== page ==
Models in Human Geography. Distance Decay Model. Law of Spatial Interaction Distance and interaction are inversely proportional The shorter the distance the more likely interaction will occur; the greater the distance the less likely interaction occurs
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1. High, fluctuating birth; high, fluctuating death = low growth
3. Falling birth; continued falling death = decreasing growth
4. Low birth; low death = low growth (zero population growth (ZPG)
2. High birth; falling death = high growth
Mackinder’s Heartland Theory - early 20th c. theory that claimed whichever state controlled the resource-rich “heartland” of Eastern Europe could eventually dominate the world. It would suggest that not the United Kingdom (an ocean-based empire), but Russia (which was becoming communist) would be in a position to achieve this dominance. "Who rules East Europe commands the Heartland; who rules the Heartland commands the World-Island (Europe, Asia & Africa); who rules the World-Island controls the world."
Spykman’sRimland Theory - mid 20th c. theory that the domination of the coastal fringes of Eurasia (the “rimland”) would provide the base for world conquest (not the “heartland”).
When choosing an enterprise, a commercial farmer compares two costs; cost of the land versus the cost of transporting production to market. Identifies a crop that can be sold for more than the land cost, distance of land to market is critical because the cost of transporting varies by crop.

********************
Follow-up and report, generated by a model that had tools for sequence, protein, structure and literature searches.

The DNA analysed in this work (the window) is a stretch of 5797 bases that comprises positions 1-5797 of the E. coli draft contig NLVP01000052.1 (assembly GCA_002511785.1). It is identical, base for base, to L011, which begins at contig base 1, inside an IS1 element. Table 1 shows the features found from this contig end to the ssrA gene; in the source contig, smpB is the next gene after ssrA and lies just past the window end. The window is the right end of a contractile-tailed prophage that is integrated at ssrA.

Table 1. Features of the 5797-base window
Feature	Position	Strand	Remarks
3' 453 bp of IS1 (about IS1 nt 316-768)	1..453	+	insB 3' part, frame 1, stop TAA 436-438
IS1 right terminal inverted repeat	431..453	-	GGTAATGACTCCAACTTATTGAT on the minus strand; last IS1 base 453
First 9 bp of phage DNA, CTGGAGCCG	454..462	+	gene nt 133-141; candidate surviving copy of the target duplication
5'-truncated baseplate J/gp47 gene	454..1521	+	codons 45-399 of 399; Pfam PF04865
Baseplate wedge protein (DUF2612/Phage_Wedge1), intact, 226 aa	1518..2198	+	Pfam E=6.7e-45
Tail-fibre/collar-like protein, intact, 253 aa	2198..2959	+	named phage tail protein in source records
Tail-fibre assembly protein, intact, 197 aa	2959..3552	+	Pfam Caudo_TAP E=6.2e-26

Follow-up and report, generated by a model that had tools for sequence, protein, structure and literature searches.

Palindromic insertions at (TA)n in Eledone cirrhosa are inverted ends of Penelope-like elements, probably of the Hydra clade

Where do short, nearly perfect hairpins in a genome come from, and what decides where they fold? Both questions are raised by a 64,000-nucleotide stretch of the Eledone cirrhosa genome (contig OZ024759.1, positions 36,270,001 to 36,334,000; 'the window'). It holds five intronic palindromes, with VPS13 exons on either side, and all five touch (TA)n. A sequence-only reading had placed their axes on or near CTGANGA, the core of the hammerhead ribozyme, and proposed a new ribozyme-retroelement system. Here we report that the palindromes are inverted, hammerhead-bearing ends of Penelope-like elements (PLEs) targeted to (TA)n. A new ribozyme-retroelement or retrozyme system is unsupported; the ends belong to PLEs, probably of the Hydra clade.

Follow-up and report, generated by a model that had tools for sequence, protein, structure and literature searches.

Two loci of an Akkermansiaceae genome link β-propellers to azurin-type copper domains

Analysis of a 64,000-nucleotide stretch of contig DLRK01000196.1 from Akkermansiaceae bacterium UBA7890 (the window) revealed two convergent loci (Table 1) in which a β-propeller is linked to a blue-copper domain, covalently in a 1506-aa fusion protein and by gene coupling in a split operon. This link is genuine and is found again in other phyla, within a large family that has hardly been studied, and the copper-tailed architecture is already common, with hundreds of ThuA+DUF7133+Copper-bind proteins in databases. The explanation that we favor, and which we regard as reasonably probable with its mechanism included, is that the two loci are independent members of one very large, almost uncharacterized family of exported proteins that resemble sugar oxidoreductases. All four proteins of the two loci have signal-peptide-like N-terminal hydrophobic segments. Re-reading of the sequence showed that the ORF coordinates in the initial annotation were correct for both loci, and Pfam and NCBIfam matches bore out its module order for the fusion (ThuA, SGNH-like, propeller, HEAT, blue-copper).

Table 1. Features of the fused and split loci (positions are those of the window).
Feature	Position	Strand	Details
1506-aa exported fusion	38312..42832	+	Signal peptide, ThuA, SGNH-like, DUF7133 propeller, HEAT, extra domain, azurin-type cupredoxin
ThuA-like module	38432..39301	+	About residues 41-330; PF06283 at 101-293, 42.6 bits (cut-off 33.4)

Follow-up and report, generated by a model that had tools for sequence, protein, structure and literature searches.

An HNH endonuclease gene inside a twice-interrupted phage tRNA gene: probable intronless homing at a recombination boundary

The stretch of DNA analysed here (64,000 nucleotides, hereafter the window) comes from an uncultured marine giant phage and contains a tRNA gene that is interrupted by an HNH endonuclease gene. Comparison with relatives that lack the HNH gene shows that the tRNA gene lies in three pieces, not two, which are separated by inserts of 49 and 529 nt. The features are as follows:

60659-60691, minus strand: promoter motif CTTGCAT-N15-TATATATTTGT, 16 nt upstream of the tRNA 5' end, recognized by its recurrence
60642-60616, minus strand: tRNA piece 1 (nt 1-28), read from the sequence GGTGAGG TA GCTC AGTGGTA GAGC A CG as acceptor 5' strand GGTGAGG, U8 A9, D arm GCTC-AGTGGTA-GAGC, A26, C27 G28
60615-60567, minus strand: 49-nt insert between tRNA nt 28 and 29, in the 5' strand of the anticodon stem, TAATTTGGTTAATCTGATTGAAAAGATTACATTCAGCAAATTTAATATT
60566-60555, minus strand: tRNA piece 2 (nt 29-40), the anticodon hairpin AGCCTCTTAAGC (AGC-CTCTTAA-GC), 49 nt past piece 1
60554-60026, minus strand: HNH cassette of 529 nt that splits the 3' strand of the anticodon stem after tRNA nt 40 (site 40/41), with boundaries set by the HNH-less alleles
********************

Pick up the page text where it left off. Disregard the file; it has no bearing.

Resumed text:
Assumptions of von Thunen:
P= production site
S1 = raw material source #1
S2 = raw material source #2
M = Market
Seeks to explain the number, size and location of human settlements in an urban system; settlements simply function as 'central places' providing services to surrounding areas (hinterlands); organized by hexagons to eliminate unserved or overlapping market areas.
Fig. 13-15: In many Latin American cities, the wealthy live in the inner city and in a sector extending along a commercial spine.
The Boston-Washington corridor extends over 700 km and contains about one-quarter of U.S. population.
a. Concentric Zone Model (1920s; Ernest Burgess):
based on his studies of Chicago: 1) CBD, 2) Zone of transition (residential deterioration & light industry), 3) Blue-collar workers, 4) Middle-class, 5) outer suburban ring; the model is dynamic (as the city grows, the inner rings encroach on the outer ones).
b. Sector Model (1939; Homer Hoyt)
urban growth creates a pie-shaped urban structure due, in part, to the advancement of transportation like the electric trolley (e.g. low-income areas could extend from the CBD to the outer edge (3)); the same is true w/ high-rent, transportation, and industry.
c. Multiple-Nuclei Model (1945; Chauncy Harris & Edward Ullman)
claimed the CBD was losing its dominant position as the nucleus of the urban area; separate nuclei become specialized and differentiated, not located in relation to any distance attribute (urban regions have their subsidiary, yet competing, “nuclei”).
d. Peripheral Model – see next page
The central city is surrounded by a ring road “beltway”, around which are suburban areas and edge cities, shopping malls, office parks, industrial areas, and service complexes.